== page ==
When Joyce Sterling, a law professor at the University of Denver, studied pay discrepancies among lawyers in the 1990s, she quickly learned there was a big pay gap between men and women with the same skill set.
A key finding? “Women don’t always know they’re paid less,” she said.
More than a decade later, she learned shocking news: she had become her own statistic. She, along with fellow female law professors, earned 15 to 30 percent less than their male colleagues. Sterling joined six female law professors, including current DU law professor K.K. DuVivier, in a lawsuit that culminated last year with the school paying them $2.66 million in back wages and damages.
They’re now speaking out on behalf of women who may not have the financial wherewithal or time to solve their own pay inequity problems. DuVivier spoke at a rally Tuesday asking state legislators to support the Equal Pay for Equal Work Act, a bill aimed at making it easier for employees to figure out how much other coworkers earn. It also prevents employers from asking about salary history, which is blamed for the cycle of female underpayment.
“I feel like I have a responsibility to other women, to speak out for those who have so many fewer opportunities,” DuVivier said. “I feel like I can’t just sit there now that I got the benefit of the litigation and not try to keep pushing the issue.”
The measure, Senate Bill 85, aims to equalize pay for similar work regardless of gender. There was push back by some in the business community, which felt that new requirements — such as an employee’s right to sue or a requirement to publicly post job openings with estimated salary — were unnecessary. The bill, after eight amendments were adopted to appease business groups, heads for a vote — with the blessing of the Senate committee — by the full Senate on Wednesday.
Update on April 3, 2019: The Senate passed the bill on a second reading.
“Part of the problem women face when they’re moving through their careers and part of the reason why they’re systemically underpaid is they’re not aware of the opportunity for advancement or are excluded,” said Sen. Jessie Danielson, a Democrat from Lakewood who is a prime sponsor of the bill. “What we’ve done is if you have a job opportunity, you have to let everyone in the company know about it and you have to post a salary range. It’s up to the employee to know whether they can apply for the job and go through the interview process and advocate for themselves.”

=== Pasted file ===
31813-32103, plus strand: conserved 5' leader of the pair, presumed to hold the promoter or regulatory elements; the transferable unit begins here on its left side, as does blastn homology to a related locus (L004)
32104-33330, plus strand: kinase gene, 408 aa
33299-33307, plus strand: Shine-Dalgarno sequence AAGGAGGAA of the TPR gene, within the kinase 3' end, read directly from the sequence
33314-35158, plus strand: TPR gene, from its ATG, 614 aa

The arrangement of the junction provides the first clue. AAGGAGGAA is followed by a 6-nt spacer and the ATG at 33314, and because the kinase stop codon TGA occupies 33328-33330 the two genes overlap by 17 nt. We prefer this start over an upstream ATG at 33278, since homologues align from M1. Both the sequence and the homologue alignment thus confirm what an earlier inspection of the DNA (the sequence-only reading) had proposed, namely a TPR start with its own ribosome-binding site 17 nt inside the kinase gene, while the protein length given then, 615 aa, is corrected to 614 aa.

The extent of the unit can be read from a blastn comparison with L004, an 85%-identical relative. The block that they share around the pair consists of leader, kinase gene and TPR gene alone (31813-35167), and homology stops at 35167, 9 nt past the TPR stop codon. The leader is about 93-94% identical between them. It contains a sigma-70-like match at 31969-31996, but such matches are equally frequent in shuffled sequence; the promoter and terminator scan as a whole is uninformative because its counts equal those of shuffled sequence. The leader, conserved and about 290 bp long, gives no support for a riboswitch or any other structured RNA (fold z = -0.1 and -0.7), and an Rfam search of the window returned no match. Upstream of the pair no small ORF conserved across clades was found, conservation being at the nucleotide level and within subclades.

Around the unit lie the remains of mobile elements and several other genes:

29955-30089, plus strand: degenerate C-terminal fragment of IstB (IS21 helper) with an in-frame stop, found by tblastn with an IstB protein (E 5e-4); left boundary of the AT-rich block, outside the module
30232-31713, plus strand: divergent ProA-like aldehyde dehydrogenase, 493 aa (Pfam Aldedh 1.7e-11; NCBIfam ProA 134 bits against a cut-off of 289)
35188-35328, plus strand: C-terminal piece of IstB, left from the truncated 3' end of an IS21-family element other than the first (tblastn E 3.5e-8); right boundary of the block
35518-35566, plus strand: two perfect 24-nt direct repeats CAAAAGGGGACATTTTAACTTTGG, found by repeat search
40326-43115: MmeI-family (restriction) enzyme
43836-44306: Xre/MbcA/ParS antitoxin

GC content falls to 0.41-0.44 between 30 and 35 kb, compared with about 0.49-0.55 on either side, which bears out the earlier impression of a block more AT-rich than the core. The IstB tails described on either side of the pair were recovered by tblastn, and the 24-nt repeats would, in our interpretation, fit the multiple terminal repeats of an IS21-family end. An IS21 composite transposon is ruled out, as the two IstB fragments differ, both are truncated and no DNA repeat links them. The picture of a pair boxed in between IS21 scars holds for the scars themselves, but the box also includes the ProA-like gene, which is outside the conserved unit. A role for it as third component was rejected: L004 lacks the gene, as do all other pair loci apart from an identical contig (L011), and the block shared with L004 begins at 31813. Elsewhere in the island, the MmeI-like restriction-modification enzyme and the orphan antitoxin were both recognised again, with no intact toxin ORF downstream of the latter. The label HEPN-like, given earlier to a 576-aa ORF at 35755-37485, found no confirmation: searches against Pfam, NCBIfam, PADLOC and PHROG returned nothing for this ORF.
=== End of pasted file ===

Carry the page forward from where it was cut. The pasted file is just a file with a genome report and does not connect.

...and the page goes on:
According to the Institute for Women’s Policy Research, the pay gap between male and female workers in Colorado has narrowed in the past 15 years. But women working full time year-round still earn less than their male counterparts — about 86 cents for every dollar a man made in 2016. If the wage gap was eliminated in Colorado immediately, the boost in a woman’s pay would be $7,000 a year, for a median income of $50,000.
During Tuesday’s rally, Ashley Panelli spoke out about learning at a past job that a male coworker she supervised at a group home made $15,000 more than she did.
“As a person with a higher level of education, a greater set of skills and higher level of experience, the work I did was not only equal, it was greater. Yet this man was earning so much more than me that the difference in pay could have covered my rent for almost two years at the time,” said Panelli, who now works as the paid-leave organizer for 9to5 Colorado, an organization representing working women. “There is nothing more demoralizing than ultimately finding out that your work is undervalued because of your identity and to be told that it is somehow your own fault.”
Sterling, the DU professor, said wage transparency will certainly help equalize employee pay, but women must also speak up. A woman she interviewed as part of a focus group once told Sperling about being unhappy with her pay raises for years. She finally spoke to a senior male employee she felt was sympathetic.
“He said most men appeal their pay raises and go in and argue what their raises should be while women never appeal. Even that one little thing could make a very big difference. After that advice, she appealed every year. Eventually she started getting the raise she felt she deserved,” Sterling said. “Women don’t ask if they’re being paid equal to their counterparts, and if you don’t ask, you don’t know.”
Equal pay bill as amended
The proposed bill aims to tackle some of the root problem by starting with the hiring process and job posting. The key points:
- Companies must post job openings with salary ranges to all employees, regardless of whether they are deemed qualified.
- Employers cannot ask about salary history, which was cited as a reason why some workers are stuck in lower starting pay that feeds the cycle of underpayment.
- An employee can sue the company, although as amended, nothing would preclude the worker from pursuing mediation by the Colorado Civil Rights division, which currently oversees such disputes.
- Exceptions allowing for higher pay include related education, training and experience; seniority; a merit system “that measures earnings by quantity or quality of production;” travel requirements; and geographic location to account for cost of living in different cities.
- Record-keeping violations would be enforced by the state’s Labor Department, which could issue fines of $500 to $10,000 per violation.
Awareness has grown over the gender pay gap, with groups like the National Committee on Pay Equity promoting Equal Pay Day, which was Tuesday. In 2015, Colorado State University discovered that its male professors earned 16 percent more than female professors.The school gave raises to full-time female professors and said it closed the pay gap last fall, according to the Fort Collins Coloradoan. In San Francisco, Salesforce spent at least $6 million to equalize its gender pay gap and recently reported a record sales year.